As for their use against different backgrounds, there’s no doubt that certain backgrounds are not optimum for green targets. But we all know the same is true for orange. And targets used for trap shooting weren’t always orange either, nor was it worn in the woods. Things evolve. JMHO.

    Jon Reitz
     
  17. AveragEd

    AveragEd Well-Known Member

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    John's a little wrong in that the ATA could not care less what color target clubs throw for registered shoots as long as all the targets on each trap are the same color. BUT trapshooters very strongly resist anything new and different, so he's real right about orange targets being around for a long time to come. Remember the turmoil when orange was replacing yellow? And when yellow replaced white? And when white replaced black?

    Flourescent yellow-green, the name the 3M Company assigned to the green we see on targets, street warning signs, fire apparatus and safety vests these days, is much more visible than orange. But you'll not hear too many trapshooters agreeing with that.

    Several years ago, we got into a heated debate on here about target colors and I shipped a 135-count carton of green targets to a poster from Michigan or thereabouts who threw them at his local club. He reported that the shooters said they could see them better but didn't like them as well as orange. Go figure.

    The best way to see the difference between any two target colors is to load an automatic trap with alternating columns of the two (or more) colors or load a hand-set machine with alternating colors. I was subjected to that method when Elysburg was considering changing to New York targets from all-orange and held a special shooting meeting for gun club delegates. I went there not wanting to see any change and two posts later, was all in favor of the change.

    Ed
     
  18. DTrykow

    DTrykow Active Member

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    We shoot all black in the winter. Our field climbs a hill and is all snow. Target goes from all snow then leafless trees, mostly tree stems. Tough field to shoot. Dave T.
     
  19. Jon Reitz

    Jon Reitz Well-Known Member

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    Good thread. The "dawg" will be along here any minute now...
     
  20. zzt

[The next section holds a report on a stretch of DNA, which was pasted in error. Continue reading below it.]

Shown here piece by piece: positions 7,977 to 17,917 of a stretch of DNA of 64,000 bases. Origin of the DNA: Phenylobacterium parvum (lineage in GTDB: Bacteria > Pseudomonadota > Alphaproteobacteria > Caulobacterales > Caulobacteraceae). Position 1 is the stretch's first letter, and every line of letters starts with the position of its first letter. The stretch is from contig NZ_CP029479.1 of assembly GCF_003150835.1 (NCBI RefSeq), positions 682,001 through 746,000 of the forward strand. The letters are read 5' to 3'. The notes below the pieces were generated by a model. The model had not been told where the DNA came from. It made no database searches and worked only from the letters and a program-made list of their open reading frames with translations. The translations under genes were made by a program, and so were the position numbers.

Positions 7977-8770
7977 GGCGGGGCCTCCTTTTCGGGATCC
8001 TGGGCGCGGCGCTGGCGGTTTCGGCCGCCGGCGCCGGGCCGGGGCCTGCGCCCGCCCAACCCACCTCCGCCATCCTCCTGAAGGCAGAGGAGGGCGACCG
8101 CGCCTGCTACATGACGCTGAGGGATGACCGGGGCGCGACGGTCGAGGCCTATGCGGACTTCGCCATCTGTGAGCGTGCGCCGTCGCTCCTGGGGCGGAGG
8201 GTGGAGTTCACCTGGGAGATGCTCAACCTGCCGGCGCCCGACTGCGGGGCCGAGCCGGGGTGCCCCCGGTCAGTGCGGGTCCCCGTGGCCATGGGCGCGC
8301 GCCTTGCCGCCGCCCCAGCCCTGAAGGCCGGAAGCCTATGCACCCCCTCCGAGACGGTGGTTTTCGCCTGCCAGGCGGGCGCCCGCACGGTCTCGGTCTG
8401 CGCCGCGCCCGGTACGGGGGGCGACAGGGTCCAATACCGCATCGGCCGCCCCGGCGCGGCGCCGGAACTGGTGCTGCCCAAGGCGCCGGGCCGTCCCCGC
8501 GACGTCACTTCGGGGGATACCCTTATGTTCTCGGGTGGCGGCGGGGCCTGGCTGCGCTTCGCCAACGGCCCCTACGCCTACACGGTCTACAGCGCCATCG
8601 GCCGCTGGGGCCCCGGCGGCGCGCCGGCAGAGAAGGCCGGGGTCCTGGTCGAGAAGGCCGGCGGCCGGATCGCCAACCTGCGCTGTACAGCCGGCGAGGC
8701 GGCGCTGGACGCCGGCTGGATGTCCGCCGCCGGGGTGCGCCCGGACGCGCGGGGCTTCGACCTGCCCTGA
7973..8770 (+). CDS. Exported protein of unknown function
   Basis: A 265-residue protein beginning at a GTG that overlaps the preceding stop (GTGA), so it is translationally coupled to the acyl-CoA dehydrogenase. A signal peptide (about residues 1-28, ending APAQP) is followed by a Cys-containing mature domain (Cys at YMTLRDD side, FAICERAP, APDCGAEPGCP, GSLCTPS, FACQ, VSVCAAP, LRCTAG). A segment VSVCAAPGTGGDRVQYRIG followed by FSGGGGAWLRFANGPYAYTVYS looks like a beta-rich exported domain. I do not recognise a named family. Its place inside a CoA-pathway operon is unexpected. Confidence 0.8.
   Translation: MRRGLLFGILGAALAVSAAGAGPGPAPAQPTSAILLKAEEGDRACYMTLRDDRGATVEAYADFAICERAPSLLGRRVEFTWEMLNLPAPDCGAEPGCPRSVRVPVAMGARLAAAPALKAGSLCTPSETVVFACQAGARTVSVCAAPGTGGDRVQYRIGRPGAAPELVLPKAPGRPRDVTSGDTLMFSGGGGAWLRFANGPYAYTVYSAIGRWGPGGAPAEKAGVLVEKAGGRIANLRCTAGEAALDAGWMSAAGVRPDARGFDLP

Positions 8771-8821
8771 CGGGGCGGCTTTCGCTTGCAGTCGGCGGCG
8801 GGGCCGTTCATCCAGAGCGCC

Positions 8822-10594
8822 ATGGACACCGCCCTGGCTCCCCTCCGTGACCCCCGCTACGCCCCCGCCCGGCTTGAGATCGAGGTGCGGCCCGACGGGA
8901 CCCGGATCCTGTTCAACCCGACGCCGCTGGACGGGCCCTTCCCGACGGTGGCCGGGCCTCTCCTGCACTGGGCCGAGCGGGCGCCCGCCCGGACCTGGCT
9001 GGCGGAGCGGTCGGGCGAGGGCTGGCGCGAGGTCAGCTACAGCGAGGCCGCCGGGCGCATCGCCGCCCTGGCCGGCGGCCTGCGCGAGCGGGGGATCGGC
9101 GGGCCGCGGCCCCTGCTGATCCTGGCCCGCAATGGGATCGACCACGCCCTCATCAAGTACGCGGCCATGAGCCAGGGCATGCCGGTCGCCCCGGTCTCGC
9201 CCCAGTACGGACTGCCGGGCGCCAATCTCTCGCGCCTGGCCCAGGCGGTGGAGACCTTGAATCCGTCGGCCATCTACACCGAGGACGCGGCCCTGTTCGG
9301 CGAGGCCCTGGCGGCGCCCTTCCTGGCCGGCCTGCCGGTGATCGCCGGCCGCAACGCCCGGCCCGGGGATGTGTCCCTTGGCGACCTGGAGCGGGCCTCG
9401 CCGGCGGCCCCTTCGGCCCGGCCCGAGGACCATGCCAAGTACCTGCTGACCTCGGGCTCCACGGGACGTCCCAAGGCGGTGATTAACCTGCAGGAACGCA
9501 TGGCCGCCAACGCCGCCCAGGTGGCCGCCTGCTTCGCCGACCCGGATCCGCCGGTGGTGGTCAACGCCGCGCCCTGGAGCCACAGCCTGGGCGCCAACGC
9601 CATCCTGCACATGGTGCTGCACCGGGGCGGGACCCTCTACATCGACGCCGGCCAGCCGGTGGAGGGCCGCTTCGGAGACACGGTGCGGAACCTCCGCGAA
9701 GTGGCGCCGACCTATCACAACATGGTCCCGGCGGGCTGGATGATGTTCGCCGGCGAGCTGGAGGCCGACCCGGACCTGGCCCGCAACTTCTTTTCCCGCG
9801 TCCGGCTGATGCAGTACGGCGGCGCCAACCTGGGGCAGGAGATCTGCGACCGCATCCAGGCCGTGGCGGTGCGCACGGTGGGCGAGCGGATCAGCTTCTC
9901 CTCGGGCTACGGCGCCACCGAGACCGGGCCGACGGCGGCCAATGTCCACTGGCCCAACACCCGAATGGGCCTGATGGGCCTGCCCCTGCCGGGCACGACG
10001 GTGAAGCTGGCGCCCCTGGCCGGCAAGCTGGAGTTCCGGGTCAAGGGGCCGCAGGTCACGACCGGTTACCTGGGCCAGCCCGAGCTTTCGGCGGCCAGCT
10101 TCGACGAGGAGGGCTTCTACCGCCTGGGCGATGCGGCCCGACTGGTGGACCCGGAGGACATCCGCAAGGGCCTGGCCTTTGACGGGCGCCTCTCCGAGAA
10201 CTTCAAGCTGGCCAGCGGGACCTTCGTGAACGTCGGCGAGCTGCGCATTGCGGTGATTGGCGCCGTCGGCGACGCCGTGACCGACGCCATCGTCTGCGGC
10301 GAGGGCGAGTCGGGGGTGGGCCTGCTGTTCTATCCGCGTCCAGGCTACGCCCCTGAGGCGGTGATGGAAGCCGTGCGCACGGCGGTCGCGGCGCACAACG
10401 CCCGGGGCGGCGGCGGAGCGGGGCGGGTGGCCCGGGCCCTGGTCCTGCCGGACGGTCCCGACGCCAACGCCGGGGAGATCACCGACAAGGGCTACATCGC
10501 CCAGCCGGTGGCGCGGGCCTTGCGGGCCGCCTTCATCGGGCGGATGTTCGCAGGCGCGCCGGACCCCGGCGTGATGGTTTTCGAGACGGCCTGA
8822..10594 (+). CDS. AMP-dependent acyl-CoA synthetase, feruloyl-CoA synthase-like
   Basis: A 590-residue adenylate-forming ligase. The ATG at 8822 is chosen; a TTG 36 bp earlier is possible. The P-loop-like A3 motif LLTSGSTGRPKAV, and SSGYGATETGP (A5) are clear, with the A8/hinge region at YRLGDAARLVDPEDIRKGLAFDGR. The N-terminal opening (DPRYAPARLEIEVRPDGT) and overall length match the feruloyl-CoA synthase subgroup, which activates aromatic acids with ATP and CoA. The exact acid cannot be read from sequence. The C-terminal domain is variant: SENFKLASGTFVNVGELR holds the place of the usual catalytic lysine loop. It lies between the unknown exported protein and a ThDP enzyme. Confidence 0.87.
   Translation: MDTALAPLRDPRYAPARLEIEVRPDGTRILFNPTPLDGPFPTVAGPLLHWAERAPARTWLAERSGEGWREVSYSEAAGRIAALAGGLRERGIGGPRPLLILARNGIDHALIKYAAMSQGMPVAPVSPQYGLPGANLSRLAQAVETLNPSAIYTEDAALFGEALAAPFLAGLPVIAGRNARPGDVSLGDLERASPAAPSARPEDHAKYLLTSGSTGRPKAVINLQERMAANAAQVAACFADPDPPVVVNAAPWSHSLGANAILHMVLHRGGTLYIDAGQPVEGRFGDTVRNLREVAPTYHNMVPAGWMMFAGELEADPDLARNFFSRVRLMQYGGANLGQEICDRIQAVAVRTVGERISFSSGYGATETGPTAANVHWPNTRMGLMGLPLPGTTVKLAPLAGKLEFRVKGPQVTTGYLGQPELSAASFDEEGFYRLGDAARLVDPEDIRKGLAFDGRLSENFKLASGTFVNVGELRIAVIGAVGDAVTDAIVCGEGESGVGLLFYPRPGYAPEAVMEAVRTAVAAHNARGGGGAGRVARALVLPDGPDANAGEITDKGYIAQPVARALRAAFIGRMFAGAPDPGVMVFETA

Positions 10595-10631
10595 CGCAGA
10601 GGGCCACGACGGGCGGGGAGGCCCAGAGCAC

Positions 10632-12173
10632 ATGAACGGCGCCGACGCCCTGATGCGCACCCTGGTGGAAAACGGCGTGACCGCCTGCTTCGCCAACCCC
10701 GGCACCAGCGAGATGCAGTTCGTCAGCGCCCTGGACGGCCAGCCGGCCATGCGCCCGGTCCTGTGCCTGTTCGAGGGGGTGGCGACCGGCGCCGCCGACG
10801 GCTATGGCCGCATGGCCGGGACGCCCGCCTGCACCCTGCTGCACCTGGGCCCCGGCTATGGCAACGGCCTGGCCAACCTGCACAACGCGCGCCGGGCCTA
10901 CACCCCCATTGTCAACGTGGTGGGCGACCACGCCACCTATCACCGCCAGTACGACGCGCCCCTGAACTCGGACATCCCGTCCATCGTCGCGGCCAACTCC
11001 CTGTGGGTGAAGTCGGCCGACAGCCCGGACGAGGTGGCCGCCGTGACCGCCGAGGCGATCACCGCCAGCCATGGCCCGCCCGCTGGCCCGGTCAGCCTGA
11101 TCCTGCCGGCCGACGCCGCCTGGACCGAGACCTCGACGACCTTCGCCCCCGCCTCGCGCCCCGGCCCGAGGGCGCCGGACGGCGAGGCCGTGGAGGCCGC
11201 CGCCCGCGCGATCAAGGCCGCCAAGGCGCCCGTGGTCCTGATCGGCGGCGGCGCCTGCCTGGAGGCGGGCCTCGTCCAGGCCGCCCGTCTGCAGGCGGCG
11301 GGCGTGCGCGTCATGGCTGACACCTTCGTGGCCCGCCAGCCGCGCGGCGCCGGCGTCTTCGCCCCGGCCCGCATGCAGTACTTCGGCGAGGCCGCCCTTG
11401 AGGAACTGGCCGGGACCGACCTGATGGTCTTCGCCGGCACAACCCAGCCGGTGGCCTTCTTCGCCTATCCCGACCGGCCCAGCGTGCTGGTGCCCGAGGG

zzt Well-Known Member

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    Ed is right about colors and shooters. You also have to factor in lighting conditions. As it happens, I shoot at a variety of clubs and four of the colors mentioned are used.

    Four of the clubs I shoot at throw all orange targets. The members of the closest club all swear by all orange. Yet my ATA scores at that club run 6 points lower that at my home club (orange dome). The club faces East, the sun is in front of you until 1PM, and the background sucks. At another club, with an all deciduous tree background, all orange is terrific in the summer, in the afternoon. I shoot well there. At a third club, facing West, I shoot higher than average singles and doubles scores, and my best handicap scores. So there is an 8 point spread in ATA averages between the best and worst clubs throwing all orange targets.

    Elysburg throws NY targets. I shoot my best scores on the top line (faces West) and lower scores on the lower line (faces North). Same targets, different backgrounds and different lighting.

    A sporting course I shoot is literally in the woods (mixed evergreen and deciduous). So you see brown and green, sun dappled and dark. There are lanes of fire where you simply cannot pick up an all orange target unless you know where it's coming from and can follow it. That makes finding the second bird dicey. When they switched to all green targets a lot of shooters said euuw. They saw them better, shot better and recorded higher scores. They changed their tunes. Now green targets are the cats meow.